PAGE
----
• avatar

    It’s strange. I see this car and I know I’m supposed to find it attractive. But in reality I find they took a bunch of design language that is, on its own, attractive, but lumped it together in an unsuccessful way. I find it ugly.

    For the same money, give me an Aston V8 Vantage (please) or even an Audi R8.

    Or a Continental GT, a CL550, a Porsche 911 Turbo, a…

  • avatar

    A true Italian sports car – it steals your heart with its seductive looks, sound and spirit and then proceeds to let you down on basic details (such as decent brakes).

  • avatar

    I am with guyincognito on this one. I’ll take mine in Blue, please.

    Oh, and did someone mix up the reviewer’s names on this review and the Lexus RX350? I thought Mr. Shoemaker was supposed to review the awesome vehicles and Mr. Farago the boring standard ones.

  • avatar

    Every review has criticized this car’s handling. Not good. Reviews tend to be more positive about the Quattroporte’s handling, probably because expectations are different with a large sedan, but I personally found the steering far too light and numb in that car.

    Reliability? Well, we don’t have a sample size nearly large enough, of course. If we had enough owners participating, we’d be happy to provide updated results four times a year:

  • avatar

    The official Maserati web site says the curb weight is 4136 lb, not 5000 lb… It’s still heavy, but not Hummer heavy. Don’t be misleading.

  • avatar

    I didn’t know it was a ‘baby’ 612.

    Kman :
    February 26th, 2009 at 12:43 pm

    It’s strange. I see this car and I know I’m supposed to find it attractive

  • avatar


    Being outperformed by much cheaper cars is not a concern for the GT. Any car can go fast these days. Subaru WRX, Mustang, Camaro SS, etc. This GT, however, is about style and beauty, which is a much more rare and impressive quality to me.

    Would you sex Marion Jones (she’s fast) or Mila Kunis (beautiful)? THOUGHT SO.

  • avatar

    RF – I’d like to hear more about your TVR experiences. I’ve been thinking about buying an old TVR 2500 or 3000. TVR and Lotus have always intrigued me although I have never driven either. Just like them for some strange reason.

  • avatar

    romanjetfighter :

    Your line of reasoning is flawed-speed in a car isn’t anything like speed for a woman. Like I said, the point of the car is NOT speed, but I don’t care who you are, if you’re paying over $100,000 for an Italian GT, you WANT it to be one of the fastest-driving cars on the road. Why should you have to choose speed OR beauty? You’re paying over 100k, you should be able to have both.

  • avatar

    It’s too bad all Italian cars aren’t engineered and built by Germans.

    Gallardo LP560-4 weighs 3300 lbs. -almost a full 1/2 ton less than this. Go VAG!

  • avatar


    And how much more money is the LP560-4?

  • avatar

    This kid, who expects never to be able to afford a Maserati, loves the Quattroporte but thinks the GranTurismo looks like a giant lizard schwanz.

  • avatar

    Maserati’s power deficit is becoming less and less acceptable in this market. This car has to compete with the M6 and the XKR, both of which now bring 500hp to the table.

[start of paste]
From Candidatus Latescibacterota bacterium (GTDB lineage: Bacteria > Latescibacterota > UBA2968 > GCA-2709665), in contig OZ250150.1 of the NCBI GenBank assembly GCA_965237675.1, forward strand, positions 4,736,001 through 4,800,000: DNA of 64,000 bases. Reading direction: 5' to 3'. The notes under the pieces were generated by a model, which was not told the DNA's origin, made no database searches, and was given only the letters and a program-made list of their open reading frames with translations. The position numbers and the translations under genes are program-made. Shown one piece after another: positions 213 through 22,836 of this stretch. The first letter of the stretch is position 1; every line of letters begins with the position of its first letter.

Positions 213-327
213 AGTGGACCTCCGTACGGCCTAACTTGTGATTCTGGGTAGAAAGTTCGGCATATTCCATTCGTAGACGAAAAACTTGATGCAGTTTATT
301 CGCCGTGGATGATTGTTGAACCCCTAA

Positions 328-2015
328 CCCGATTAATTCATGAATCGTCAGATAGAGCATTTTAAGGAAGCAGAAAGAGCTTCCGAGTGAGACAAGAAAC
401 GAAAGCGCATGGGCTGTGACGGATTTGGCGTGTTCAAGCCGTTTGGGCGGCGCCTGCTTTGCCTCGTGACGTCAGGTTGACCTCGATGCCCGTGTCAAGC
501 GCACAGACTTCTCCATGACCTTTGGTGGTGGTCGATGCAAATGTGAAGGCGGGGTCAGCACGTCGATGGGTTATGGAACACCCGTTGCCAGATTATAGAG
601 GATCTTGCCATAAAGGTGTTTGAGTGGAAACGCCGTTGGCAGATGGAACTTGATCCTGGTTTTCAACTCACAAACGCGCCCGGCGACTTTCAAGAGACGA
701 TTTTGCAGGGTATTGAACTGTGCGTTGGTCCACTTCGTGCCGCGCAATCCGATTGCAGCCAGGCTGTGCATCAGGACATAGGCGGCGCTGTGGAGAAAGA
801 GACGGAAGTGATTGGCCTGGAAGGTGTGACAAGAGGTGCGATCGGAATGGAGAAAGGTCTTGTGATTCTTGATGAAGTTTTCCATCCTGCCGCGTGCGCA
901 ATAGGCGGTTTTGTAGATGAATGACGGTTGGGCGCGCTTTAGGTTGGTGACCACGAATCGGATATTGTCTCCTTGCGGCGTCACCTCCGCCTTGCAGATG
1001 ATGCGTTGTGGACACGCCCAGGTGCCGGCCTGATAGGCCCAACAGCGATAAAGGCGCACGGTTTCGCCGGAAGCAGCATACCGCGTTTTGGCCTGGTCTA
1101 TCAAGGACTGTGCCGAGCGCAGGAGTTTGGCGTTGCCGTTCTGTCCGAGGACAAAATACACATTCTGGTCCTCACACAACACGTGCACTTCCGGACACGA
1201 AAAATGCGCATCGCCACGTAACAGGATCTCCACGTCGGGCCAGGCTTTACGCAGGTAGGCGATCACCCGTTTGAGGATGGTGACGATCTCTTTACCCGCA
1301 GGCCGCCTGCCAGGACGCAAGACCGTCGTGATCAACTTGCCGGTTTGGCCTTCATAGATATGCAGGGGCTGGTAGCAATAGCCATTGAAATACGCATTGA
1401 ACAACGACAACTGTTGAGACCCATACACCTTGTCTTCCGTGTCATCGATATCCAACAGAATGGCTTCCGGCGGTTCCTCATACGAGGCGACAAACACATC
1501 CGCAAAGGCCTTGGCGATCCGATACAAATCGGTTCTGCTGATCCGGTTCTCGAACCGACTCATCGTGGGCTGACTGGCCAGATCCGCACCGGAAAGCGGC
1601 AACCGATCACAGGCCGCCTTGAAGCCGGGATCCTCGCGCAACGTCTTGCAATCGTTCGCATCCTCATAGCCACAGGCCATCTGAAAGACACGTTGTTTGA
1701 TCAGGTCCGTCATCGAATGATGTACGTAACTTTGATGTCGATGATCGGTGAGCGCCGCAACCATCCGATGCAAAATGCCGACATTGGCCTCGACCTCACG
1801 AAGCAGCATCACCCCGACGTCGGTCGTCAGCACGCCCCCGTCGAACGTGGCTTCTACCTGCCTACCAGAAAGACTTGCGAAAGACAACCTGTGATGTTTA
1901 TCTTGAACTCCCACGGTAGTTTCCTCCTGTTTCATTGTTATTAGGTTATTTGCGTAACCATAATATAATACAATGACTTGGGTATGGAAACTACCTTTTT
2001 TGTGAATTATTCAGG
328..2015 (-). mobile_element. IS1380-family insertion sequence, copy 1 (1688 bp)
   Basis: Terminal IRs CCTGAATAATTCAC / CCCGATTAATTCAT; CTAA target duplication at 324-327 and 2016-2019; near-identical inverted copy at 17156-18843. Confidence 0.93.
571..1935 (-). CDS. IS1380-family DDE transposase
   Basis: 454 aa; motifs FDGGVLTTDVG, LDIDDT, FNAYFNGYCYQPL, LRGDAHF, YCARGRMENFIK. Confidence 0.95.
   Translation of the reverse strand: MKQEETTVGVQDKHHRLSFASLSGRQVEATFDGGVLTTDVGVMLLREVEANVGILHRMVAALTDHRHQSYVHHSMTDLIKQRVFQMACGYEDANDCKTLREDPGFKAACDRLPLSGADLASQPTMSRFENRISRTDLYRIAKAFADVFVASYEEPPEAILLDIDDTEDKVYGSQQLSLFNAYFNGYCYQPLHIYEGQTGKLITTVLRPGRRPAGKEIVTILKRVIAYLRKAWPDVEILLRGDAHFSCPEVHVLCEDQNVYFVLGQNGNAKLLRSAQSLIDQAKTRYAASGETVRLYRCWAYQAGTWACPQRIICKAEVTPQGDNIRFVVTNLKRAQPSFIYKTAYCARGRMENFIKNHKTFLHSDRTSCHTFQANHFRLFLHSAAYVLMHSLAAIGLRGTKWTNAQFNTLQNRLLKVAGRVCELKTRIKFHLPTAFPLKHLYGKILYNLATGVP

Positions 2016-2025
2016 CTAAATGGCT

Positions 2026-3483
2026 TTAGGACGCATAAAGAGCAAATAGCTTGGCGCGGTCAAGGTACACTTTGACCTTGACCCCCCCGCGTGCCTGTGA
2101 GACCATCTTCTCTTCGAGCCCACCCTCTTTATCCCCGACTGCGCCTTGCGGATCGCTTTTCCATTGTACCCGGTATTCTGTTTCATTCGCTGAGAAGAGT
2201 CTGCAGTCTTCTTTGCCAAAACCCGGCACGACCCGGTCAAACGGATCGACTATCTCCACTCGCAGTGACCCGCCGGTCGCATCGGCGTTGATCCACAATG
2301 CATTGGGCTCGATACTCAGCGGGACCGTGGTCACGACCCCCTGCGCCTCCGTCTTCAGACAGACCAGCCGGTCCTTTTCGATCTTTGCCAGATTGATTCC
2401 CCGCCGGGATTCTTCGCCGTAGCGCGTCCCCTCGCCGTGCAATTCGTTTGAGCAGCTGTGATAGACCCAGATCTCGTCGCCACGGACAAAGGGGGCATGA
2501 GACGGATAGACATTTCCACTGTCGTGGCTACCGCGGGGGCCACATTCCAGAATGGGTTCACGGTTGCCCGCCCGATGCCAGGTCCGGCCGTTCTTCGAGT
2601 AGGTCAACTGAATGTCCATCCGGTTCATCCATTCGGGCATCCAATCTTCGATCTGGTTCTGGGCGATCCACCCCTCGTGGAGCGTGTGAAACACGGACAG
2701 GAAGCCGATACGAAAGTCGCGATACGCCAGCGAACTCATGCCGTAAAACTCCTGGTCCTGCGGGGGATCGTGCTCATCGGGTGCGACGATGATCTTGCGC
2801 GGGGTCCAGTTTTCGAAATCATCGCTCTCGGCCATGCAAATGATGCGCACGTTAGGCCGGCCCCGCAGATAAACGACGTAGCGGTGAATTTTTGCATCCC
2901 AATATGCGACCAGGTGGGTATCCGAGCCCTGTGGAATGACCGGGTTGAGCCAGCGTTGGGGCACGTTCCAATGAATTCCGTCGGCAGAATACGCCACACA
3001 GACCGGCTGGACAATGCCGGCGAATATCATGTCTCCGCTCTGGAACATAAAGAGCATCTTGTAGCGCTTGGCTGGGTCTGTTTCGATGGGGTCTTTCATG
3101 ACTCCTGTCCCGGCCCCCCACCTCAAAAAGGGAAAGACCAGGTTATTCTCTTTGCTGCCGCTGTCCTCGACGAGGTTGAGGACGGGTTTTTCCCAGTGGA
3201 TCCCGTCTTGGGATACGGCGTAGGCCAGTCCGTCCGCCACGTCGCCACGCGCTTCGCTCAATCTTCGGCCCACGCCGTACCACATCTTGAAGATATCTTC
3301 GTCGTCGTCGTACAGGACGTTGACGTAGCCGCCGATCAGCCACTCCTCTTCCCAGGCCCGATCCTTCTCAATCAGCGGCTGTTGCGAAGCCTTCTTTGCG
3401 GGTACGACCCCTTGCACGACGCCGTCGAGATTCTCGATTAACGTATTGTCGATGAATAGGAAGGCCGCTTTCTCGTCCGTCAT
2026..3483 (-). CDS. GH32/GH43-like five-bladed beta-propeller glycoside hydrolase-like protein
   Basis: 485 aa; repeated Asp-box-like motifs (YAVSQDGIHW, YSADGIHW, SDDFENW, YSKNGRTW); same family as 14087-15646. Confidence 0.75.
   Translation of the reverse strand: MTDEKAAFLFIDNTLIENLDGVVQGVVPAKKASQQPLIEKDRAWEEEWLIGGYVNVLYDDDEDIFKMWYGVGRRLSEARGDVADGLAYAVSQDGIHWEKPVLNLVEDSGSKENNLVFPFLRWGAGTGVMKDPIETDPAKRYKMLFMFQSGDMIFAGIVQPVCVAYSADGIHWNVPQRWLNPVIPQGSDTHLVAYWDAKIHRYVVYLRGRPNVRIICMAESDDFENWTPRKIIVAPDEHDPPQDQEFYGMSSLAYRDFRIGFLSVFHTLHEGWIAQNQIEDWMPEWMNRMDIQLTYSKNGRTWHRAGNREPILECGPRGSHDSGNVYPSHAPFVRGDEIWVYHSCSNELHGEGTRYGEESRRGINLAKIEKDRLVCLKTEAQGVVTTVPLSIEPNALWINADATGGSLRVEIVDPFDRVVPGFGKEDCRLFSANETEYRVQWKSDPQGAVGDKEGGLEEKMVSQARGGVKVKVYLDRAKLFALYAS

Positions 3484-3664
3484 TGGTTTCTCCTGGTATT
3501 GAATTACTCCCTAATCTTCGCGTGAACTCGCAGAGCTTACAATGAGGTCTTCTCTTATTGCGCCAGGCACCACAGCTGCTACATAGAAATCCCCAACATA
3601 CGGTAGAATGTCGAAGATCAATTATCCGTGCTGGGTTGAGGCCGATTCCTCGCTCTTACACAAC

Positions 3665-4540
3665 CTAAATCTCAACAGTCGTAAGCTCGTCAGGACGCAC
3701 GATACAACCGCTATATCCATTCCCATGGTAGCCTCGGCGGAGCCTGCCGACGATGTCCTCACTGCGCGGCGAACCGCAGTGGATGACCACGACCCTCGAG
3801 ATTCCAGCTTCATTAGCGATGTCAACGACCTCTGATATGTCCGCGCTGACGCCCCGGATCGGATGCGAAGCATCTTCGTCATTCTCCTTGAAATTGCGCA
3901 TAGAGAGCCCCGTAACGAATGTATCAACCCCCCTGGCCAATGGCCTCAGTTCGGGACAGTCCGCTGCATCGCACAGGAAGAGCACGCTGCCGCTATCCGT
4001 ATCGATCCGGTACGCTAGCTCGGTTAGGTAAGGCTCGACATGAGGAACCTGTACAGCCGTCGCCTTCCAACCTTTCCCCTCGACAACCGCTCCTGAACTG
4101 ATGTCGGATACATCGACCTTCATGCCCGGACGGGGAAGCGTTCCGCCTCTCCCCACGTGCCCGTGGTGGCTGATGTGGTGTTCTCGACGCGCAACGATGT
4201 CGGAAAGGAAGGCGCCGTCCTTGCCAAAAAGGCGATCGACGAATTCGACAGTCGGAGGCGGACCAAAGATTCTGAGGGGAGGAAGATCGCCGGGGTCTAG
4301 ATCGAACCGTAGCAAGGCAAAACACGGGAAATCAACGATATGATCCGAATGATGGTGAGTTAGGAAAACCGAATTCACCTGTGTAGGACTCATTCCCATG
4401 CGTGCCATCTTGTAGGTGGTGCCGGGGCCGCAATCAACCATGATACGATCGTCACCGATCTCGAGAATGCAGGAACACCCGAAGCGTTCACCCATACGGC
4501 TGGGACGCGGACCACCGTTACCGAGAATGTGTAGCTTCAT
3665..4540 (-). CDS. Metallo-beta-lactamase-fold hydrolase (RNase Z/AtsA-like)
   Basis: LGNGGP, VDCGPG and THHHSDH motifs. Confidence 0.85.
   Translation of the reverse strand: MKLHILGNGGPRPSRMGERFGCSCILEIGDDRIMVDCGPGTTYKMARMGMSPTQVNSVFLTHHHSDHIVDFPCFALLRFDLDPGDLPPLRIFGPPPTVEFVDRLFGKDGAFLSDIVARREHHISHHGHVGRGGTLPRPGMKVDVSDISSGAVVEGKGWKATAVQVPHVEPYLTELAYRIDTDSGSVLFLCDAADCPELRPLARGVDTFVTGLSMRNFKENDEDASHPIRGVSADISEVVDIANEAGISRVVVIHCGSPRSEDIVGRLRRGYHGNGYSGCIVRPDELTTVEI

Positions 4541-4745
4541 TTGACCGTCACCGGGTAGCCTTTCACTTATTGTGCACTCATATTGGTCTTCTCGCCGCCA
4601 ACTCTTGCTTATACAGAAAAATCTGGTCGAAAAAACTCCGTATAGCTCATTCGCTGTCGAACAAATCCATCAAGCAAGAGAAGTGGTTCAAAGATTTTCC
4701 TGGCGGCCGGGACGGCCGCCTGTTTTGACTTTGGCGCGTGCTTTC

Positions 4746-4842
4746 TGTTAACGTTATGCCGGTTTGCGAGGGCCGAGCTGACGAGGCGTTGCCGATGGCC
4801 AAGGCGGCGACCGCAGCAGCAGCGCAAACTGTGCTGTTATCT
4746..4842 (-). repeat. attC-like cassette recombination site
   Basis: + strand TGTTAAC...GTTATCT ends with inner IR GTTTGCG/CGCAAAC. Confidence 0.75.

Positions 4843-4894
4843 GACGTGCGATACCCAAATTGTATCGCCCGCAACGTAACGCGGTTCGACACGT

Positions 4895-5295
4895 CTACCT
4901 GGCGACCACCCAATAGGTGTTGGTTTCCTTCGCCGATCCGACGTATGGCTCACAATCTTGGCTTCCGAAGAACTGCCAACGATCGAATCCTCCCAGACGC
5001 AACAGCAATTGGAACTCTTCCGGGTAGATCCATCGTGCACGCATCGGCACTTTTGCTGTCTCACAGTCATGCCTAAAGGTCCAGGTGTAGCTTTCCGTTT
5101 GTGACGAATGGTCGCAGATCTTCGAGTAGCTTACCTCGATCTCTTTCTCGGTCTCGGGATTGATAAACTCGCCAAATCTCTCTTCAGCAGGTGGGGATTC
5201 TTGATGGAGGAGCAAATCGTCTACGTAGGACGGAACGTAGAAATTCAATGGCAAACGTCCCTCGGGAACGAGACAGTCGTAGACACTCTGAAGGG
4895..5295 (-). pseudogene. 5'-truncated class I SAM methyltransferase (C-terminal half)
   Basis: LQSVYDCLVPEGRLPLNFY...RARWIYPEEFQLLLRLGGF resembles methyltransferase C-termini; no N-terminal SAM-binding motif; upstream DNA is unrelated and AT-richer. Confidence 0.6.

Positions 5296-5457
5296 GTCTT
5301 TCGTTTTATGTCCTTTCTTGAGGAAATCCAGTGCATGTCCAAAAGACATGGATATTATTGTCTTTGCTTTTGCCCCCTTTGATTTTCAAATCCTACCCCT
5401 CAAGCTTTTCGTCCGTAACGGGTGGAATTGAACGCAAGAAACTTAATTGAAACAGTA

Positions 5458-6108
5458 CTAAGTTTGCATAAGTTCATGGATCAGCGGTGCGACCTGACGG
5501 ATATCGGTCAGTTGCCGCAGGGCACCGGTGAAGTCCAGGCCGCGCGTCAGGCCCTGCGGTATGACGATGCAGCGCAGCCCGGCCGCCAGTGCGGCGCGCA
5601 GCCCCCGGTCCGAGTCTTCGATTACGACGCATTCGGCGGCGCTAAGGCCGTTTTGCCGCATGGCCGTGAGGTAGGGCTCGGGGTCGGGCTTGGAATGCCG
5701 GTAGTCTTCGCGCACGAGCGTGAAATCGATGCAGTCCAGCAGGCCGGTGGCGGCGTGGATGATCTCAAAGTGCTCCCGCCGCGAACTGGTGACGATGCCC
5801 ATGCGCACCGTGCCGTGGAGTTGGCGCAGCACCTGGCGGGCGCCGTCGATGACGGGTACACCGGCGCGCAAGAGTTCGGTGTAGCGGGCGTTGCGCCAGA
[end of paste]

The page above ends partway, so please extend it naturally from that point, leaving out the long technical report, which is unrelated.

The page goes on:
• avatar
    Justin Berkowitz

    willman :
    It’s too bad all Italian cars aren’t engineered and built by Germans.

    Gallardo LP560-4 weighs 3300 lbs. -almost a full 1/2 ton less than this. Go VAG!

    I deeply, wholeheartedly disagree. As in, I couldn’t possibly disagree with you any more. For example, if your opinion was white, mine would be 7. I don’t mean any disrespect of course.

    Fortunately, we can each have our own different $100,000+ cars.

  • avatar

    The aspect ratio is all awry on the photos.

  • avatar
    the duke

    You can tell the target market of a car when you can’t get it with three pedals. I don’t buy the “its like an F1 car it shifts faster” BS, because I’m not on a race track and a few tenths of a second lost shifting are more than compensated for the direct man-machine connection that comes with a true manual. This is a GT for the “I want to look cool and rich but don’t really like driving fast” crowd.

    I really like the previous Maserati Coupe (2002-2007) and its possible to pick up a nice used one, with a true manual, for about $40k. Now that is a true budget Ferrari V-8 GT.

  • avatar
    Michael Ayoub

    I saw one of these a couple weeks ago.

    It was driving off-road…

  • avatar
    Oregon Sage

    I encountered a pair of these, on some sort of junket, sitting in the parking lot at the Salishan resort in Oregon a few months back.


    I loitered around for quite some time hoping that someone would start one up so I could enjoy the aural beauty too. Alas, my patience ran out before the driver returned.

  • avatar

    i really don’t care about any faults this car has, it’d be the first thing i buy if i won the lottery

  • avatar

    2+2 two ton plus GT cars are a bit silly in my opinion

    full sized sedan like a quattroporte? probably less so

  • avatar

    @meefer: Aluminum is not that expensive.

  • avatar

    @Justin Berkowitz: “As in, I couldn’t possibly disagree with you any more. For example, if your opinion was white, mine would be 7.”

    aaah – hahahahahahahahaha~! :D :D :D

    You are a Funny man, Mr. Berkowitz!

    (btw, by Zee Chermanz I didn’t mean Merc)

    +anyway, that’s ok. I’ll stay away from the Alfas, Ferraris, etc.

    -But from now on, everything you drive HAS to be designed, engineered & built by F(ix)I(t)A(gain)T(ony). Deal? ;P


  • avatar

    This car has to compete with the M6 and the XKR, both of which now bring 500hp to the table.

    Yes, but the M6 is so ugly that it should be sold with a balaclava and sunglasses: balaclava so that the owner cannot be recognized, and sunglasses so that he doesn’t see his own car too much.

  • avatar

    “It’s not how fast you go, it’s how you go fast.”

  • avatar

    In New England BMW, Audi and Mercedez are common.

    But Orange County and Los Angeles have Maseratis.

    It’s not how fast you go or it’s how you go fast,
    It’s how you’re going to stop a Maserati.

  • avatar

    thetopdog: This car is fast. See, the problem you’ve made is you’ve stopped differentiating between being outperformed by cheaper cars, and being fast. This Maser is fast. Just because cheaper cars can hit 60 mph faster has no bearing on a number of things, such as HOW it reaches 60 mph, the sensations it delivers, etc. A Cobalt SS is faster than this Maserati I believe, and yet I can tell you that a turbocharged eco-tec I-4 screaming to 60 isn’t quite as satisfying as this Maserati’s Ferrari sourced V8.

    And besides all of that, you ARE getting a fast car for the money. What do you think a Ferrari V8 gets you? Slow? It might not be as fast as some competitors, or even some cheaper vehicles, but it’s fast.